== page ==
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The Falcon and the Winter Soldier review

Rating: ⭐⭐⭐⭐

Now that Marvel has stretched its creative legs with the release of WandaVision, it seems that they will be continuing to renovate their traditional styles with the new Disney+ series Falcon and the Winter Soldier. The inaugural episode, “New World Order,” addresses the corruption and violence that has arisen from Thanos’ infamous ‘snap’ that saw half the world’s population disappear for five years. 

The episode has set the series up for a darker, more systemic threat than other Marvel productions, and feels more akin to Amazon Prime’s The Boys or Fox’s X-Men series. Discrimination and inequality against the previously assumed dead population has created an interesting new conflict and seems surprisingly politically poignant for the MCU. 

Visually, the episode is stunning. The opening scene is a fast-paced, focused and exciting action sequence that rivals those featured in the multi-million-dollar feature films. I actually preferred seeing Falcon flying through the desert past missiles and helicopters than many of the sequences in other MCU releases. It felt like something fans would expect from the Iron Man movies, back in the early 2000’s; it was clear, simple and compelling, rather than solely flashy or destructive. Then again, I may just be turning into my parents.

Some of the introductions should excite long-time Marvel fans. While Wyatt Russell’s new ‘Captain America’ has already become something of a meme, his reveal was framed as an appeal to nationalism, populism and fear-baiting in an increasingly uncertain world. He was presented as a superhero that carries “American values” and intends to put “America first” — seemingly holding less concern for the atrocities and violence that the rest of the world, or indeed, the universe, continue to experience.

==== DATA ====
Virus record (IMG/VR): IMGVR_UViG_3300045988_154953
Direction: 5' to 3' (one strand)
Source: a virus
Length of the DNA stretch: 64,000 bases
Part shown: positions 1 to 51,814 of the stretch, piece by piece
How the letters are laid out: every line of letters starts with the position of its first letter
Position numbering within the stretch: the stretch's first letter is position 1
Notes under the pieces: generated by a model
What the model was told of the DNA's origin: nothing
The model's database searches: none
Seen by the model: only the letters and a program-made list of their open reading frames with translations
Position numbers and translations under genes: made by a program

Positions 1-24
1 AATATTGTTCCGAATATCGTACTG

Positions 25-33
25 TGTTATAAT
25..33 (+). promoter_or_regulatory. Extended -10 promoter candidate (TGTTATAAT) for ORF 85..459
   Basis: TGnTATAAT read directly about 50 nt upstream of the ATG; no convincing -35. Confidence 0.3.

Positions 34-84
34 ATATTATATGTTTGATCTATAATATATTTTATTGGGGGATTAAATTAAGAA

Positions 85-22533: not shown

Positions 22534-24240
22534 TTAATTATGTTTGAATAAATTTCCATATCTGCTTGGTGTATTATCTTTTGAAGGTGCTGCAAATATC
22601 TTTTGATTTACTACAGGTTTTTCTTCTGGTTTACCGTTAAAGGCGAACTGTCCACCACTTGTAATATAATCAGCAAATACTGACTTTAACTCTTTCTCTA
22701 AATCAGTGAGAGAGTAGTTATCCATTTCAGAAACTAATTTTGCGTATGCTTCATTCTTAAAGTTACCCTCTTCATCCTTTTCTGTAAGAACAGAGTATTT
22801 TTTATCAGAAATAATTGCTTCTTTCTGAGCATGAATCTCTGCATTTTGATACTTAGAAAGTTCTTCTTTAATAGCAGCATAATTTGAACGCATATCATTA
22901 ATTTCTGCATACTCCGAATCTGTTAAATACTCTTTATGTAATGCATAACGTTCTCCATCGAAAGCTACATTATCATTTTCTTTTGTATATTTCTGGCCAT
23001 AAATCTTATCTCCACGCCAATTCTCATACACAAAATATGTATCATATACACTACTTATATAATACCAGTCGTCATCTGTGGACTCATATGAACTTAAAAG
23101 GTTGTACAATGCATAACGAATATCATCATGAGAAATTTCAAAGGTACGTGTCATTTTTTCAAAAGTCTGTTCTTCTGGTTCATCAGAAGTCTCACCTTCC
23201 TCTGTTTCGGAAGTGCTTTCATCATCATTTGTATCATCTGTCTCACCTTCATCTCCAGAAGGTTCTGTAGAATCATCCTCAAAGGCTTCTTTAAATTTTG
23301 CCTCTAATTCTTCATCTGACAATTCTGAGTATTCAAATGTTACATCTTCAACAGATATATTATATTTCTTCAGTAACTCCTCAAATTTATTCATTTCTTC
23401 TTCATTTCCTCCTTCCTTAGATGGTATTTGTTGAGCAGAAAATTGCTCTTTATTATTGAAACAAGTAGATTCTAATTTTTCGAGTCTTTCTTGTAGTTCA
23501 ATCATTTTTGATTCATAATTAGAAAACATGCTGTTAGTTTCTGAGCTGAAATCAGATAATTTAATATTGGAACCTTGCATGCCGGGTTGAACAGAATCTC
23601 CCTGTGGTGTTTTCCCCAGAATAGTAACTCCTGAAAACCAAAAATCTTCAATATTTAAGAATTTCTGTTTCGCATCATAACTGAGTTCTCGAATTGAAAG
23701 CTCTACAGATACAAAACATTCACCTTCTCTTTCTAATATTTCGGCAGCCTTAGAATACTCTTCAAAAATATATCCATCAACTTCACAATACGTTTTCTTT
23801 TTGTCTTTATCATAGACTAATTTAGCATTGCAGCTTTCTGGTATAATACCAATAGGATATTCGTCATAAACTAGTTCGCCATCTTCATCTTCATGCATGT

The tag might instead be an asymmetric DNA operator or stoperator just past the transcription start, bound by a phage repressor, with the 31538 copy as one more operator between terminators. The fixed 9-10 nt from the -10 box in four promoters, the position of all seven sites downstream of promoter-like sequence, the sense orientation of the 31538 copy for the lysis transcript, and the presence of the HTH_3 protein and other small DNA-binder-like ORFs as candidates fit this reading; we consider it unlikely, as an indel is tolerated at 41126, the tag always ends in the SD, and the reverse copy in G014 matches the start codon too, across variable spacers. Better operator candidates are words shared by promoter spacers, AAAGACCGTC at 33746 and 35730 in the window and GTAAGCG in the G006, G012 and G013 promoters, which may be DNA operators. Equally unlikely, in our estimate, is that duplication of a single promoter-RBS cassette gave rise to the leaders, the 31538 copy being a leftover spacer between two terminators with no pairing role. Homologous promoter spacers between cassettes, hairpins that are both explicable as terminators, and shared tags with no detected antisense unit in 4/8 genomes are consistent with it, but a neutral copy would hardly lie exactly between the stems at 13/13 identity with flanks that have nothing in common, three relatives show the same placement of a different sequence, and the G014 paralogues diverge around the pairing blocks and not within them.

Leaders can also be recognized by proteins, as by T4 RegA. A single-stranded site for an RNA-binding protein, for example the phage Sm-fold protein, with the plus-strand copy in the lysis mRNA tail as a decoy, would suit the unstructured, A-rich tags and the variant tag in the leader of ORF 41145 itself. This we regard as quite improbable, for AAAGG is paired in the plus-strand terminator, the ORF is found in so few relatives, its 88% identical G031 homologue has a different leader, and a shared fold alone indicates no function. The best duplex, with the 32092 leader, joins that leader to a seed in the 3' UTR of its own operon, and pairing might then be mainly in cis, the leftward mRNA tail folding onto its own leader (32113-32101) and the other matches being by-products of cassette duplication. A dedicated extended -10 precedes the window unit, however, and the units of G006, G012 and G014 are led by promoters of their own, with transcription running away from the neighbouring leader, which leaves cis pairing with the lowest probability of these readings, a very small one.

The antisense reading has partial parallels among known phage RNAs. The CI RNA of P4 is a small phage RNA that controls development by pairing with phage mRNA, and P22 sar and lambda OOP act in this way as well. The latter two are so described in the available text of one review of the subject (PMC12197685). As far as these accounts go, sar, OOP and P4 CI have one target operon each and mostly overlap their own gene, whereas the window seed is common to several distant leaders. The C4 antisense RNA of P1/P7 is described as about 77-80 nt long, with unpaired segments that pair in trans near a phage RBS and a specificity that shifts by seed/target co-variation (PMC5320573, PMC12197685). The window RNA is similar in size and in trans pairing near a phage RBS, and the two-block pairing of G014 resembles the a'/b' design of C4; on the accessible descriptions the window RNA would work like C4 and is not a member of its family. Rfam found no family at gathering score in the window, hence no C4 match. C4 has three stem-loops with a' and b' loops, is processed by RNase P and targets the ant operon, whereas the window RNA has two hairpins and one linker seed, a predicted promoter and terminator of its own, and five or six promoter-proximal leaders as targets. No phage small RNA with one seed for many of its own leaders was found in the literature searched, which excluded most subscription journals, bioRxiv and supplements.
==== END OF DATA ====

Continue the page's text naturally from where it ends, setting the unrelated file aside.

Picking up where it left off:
Another notable moment is when Falcon’s sister finds herself unable to take a loan out due to a lack of consistent income while assumed dead. These instances point to the practical issues and potential solutions that would arise from the events of previous Marvel projects, and the series seems to be answering some of the questions that fans have broached regarding the wider universe after ‘the snap’. 

“New World Order” also seems like a relatively odd title for the pilot; it’s the formal name for the illuminati — a secret deep-state organization conspiracy theory. It could be implicative of the intentions of the ‘Flag Smashers’, an introduced anonymous group that aims to revert the world back to its structure before the return of the departed (as well as destroy national borders and identity). It seems that this organization will end up being the show’s main antagonist. 

As the series progresses, it will be fascinating to see how it approaches the clear contention between the new ‘Captain America’ and the ‘Flag Smashers’. Although the conflict is a bit on-the-nose, Marvel has sparsely converged with the political realm associated with the universe. That being said, it does seem it has set itself up to either support an overtly nationalist superhero or a violent anti-national terrorist organization. So long as the emphasis on corruption and power truly arises as the focal point of the series, Falcon and the Winter Soldier should be able to remain tasteful going forward, and may even provide an insight into common political rhetoric and attitudes from the real world. 

The beginning of this series has been entertaining and unexpected, and it leaves Marvel fans with a lot to look forward to. There’s a lot of different directions that the creators can explore with the introduced plotlines, and hopefully the show will continue to push the MCU to new heights, moving away from repetitive or expected storylines.

Illustration: Violet Colley